I love reviews of my books. The good reviews are affirming. They tell me I’ve done something right and that a reader has enjoyed my books. Positive feedback is the ultimate prize for a writer.
I deeply appreciate every reader who takes the time to write a review.
But I also appreciate the not-so-good reviews because these can teach me. As a writer, I am always eager to learn. (Every real writer is!) So when an astute reader can give me a critique that helps improve my writing, I am grateful for it. Writing is a lifelong occupation, a craft to be constantly honed, and a passion to be enjoyed. Every fair and thoughtful criticism helps me become a better writer.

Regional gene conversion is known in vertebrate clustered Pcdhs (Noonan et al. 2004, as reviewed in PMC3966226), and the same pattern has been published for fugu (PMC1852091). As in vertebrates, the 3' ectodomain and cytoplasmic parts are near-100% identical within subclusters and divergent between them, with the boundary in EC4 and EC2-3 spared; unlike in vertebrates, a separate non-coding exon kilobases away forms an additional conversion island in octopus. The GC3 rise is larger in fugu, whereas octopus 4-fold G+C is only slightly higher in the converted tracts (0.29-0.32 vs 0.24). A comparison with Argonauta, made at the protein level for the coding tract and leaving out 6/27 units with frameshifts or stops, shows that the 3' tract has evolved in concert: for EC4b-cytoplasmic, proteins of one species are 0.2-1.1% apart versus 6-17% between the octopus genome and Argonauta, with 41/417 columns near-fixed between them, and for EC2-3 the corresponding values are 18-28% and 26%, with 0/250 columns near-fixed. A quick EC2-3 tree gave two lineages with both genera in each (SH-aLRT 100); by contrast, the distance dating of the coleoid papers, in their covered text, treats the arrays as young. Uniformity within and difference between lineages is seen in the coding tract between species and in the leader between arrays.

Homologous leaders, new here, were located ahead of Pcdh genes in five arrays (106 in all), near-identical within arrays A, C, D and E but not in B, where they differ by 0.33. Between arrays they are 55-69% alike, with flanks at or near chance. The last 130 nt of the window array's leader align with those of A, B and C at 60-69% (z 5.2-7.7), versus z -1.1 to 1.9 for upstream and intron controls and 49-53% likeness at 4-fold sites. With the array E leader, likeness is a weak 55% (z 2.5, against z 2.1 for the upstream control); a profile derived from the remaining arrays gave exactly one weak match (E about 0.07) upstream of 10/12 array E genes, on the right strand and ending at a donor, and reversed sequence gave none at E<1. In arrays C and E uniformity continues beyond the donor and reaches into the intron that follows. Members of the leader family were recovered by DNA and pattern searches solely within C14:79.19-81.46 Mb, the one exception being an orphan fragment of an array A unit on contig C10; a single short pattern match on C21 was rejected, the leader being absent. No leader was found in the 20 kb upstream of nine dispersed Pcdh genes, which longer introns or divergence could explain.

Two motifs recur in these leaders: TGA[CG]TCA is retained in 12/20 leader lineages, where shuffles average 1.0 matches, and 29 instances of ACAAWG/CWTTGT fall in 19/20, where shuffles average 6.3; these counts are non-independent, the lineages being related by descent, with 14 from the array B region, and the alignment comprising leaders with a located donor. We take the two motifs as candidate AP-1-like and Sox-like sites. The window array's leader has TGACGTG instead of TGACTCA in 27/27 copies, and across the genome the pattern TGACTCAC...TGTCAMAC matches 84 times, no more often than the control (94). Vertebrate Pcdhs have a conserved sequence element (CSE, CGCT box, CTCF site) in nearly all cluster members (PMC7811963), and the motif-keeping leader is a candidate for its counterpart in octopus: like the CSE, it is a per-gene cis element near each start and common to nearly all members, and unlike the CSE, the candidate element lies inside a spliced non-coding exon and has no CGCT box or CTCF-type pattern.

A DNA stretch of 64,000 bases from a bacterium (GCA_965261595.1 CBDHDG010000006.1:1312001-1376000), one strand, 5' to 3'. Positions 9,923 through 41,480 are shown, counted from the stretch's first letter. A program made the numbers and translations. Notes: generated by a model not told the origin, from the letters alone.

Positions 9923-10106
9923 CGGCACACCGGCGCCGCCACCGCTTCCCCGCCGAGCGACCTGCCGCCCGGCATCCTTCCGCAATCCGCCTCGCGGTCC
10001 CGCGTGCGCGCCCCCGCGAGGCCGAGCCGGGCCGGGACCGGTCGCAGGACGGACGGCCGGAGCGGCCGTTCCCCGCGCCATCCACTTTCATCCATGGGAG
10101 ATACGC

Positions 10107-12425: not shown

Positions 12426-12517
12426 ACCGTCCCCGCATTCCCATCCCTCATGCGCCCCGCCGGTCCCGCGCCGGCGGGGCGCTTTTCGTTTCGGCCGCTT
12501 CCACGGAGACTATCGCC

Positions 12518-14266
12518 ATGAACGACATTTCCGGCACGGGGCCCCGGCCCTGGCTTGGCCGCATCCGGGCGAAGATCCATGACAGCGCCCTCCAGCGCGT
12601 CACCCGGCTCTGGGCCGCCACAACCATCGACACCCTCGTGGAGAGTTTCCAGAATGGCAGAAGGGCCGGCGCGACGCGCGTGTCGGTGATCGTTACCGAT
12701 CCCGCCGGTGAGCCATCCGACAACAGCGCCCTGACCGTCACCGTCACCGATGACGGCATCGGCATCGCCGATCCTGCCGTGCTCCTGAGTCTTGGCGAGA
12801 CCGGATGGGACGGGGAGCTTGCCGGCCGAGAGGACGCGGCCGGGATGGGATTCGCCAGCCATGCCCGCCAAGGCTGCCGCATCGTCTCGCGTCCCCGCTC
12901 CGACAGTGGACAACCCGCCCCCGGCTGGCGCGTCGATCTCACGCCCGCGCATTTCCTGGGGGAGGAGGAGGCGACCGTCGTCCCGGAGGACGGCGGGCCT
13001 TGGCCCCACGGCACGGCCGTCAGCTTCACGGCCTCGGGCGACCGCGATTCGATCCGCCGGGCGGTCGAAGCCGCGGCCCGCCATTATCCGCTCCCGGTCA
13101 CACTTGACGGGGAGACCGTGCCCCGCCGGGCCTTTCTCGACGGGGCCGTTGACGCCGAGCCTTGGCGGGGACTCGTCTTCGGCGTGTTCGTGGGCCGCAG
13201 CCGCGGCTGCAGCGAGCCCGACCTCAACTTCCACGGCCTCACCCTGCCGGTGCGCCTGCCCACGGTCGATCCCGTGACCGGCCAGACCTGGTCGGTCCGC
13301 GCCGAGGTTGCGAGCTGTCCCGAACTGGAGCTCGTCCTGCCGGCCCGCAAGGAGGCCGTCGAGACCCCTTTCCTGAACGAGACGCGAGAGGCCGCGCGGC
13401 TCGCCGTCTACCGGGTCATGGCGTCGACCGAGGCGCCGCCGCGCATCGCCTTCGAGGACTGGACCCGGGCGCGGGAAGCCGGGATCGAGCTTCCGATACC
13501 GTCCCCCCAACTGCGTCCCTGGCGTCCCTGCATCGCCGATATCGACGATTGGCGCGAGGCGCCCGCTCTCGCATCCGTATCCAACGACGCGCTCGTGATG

There are, however, occasional reviews that are maddening because they have no redeeming value and no relationship to the value of my book or my writing. They are written purely for the sake of being critical — and they pull down my average.
Here’s one such review:
The one-star reviewer wrote: “My review has nothing to do with the story line, but the fact that the paperback was assembled incorrectly. It had Chapter 21 at the beginning and ran through Chapter 40 and then had Chapter 1-7 and then another mix up. The machine assembling these books messed up like anything I have ever seen.”
What’s frustrating about this one-star review is that it has nothing to do with my work. It is all about a nameless, faceless printer who made a mistake. If this reviewer had had one bit of sense or thoughtfulness, she (who will remain nameless here) would have understood that Amazon eagerly and quickly replaces products that are not right, even books—and that a one-star review was just wrong.
But, I guess, some people just like to complain.